I don't deal with either in my line of work, but I'm a grandma (and grandpa)magnet in my spare time. :chuckle
  7. by   jnette
    Quote from earle58
    and that is why i have always honored our geriatric population. their lives are awe-inspiring and i've learned so much from these people. they truly epitomize grace and wisdom at its' finest. thank you for sharing.

    Thank you mjlrn, for sharing this. I was deeply touched. I have always had such admiration for those who have sufferd tremendous losses yet carry themselves with grace, dignity, and better yet, a smile and no bitterness.

    I believe we come in contact with certain ppl not by mere coincidence, for it it through such as these that we are moved to reflection, and are blessed by the wisdom of their words and their very presence.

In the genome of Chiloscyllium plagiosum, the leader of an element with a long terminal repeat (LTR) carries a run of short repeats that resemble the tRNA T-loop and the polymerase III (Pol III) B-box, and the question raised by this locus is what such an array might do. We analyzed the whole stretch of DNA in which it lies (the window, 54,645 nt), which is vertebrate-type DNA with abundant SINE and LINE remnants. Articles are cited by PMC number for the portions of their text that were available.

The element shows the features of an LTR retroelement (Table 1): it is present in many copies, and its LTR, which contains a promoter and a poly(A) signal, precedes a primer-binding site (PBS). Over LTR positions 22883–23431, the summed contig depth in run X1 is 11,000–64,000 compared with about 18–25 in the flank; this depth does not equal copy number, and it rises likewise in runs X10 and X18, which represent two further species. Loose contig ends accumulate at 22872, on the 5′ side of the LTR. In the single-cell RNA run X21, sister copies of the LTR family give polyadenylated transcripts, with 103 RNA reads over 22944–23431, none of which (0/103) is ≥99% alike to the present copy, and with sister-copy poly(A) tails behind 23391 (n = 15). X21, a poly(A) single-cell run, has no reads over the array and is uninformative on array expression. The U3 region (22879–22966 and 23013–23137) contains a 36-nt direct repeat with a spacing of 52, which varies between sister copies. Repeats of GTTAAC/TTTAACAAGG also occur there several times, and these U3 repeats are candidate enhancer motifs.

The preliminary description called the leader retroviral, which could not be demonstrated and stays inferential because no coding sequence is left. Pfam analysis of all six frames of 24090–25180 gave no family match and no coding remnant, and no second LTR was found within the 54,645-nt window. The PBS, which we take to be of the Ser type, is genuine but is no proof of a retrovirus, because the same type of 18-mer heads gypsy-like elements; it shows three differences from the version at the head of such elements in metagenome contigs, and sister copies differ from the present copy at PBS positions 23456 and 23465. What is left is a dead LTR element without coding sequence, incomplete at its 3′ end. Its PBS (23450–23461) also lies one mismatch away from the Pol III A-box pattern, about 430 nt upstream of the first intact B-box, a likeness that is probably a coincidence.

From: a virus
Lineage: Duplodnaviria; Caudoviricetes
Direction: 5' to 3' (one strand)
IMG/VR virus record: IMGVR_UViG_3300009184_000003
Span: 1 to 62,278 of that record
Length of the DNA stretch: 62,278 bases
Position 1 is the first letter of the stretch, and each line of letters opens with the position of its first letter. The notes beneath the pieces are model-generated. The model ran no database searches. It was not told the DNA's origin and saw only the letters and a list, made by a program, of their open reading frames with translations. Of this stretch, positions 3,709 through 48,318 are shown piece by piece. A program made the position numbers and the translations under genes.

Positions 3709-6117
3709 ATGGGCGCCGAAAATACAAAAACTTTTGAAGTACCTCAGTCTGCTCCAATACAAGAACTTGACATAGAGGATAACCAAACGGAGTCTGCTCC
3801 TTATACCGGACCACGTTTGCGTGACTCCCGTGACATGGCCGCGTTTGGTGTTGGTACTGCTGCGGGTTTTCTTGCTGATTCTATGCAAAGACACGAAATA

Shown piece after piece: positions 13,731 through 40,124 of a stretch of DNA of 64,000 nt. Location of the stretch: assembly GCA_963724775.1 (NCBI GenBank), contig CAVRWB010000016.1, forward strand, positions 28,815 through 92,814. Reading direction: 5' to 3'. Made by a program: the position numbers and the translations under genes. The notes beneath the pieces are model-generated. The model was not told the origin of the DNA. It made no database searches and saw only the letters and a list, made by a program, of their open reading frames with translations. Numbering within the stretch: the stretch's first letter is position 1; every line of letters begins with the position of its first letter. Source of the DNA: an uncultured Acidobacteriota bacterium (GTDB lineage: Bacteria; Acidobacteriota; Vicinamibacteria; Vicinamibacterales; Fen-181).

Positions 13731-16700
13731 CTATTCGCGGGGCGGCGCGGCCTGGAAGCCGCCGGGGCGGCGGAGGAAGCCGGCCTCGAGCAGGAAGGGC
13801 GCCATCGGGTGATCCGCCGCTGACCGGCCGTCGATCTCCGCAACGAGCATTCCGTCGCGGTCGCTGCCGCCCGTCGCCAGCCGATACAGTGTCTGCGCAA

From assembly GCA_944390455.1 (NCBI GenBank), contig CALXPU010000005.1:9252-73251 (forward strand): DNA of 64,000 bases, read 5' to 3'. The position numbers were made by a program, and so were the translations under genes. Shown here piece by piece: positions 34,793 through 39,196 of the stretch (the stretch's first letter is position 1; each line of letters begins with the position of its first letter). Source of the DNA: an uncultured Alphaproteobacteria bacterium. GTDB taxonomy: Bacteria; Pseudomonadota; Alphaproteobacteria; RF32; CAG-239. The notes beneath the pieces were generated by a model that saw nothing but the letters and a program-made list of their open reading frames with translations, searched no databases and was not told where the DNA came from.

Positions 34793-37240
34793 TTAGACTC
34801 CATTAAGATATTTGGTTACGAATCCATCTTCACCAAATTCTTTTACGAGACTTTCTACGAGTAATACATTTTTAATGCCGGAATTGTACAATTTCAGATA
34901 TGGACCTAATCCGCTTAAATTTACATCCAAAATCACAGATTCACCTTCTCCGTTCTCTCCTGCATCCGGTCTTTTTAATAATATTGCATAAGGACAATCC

After the privilege of such an encounter, I have always found myself in a blissful state of gratitude. Kiss her gently on the forhead for me as she sleeps.
  8. by   hmccartn
    What a beautifully written post. thanks for taking the time to share it with us.
  9. by   leslie :-D
    Quote from jnette

    After the privilege of such an encounter, I have always found myself in a blissful state of gratitude. Kiss her gently on the forhead for me as she sleeps.
    what an absolutely lovely, lovely thought. :kiss
  10. by   VivaLasViejas
    I wish I could, jnette.......but I'm not working this weekend.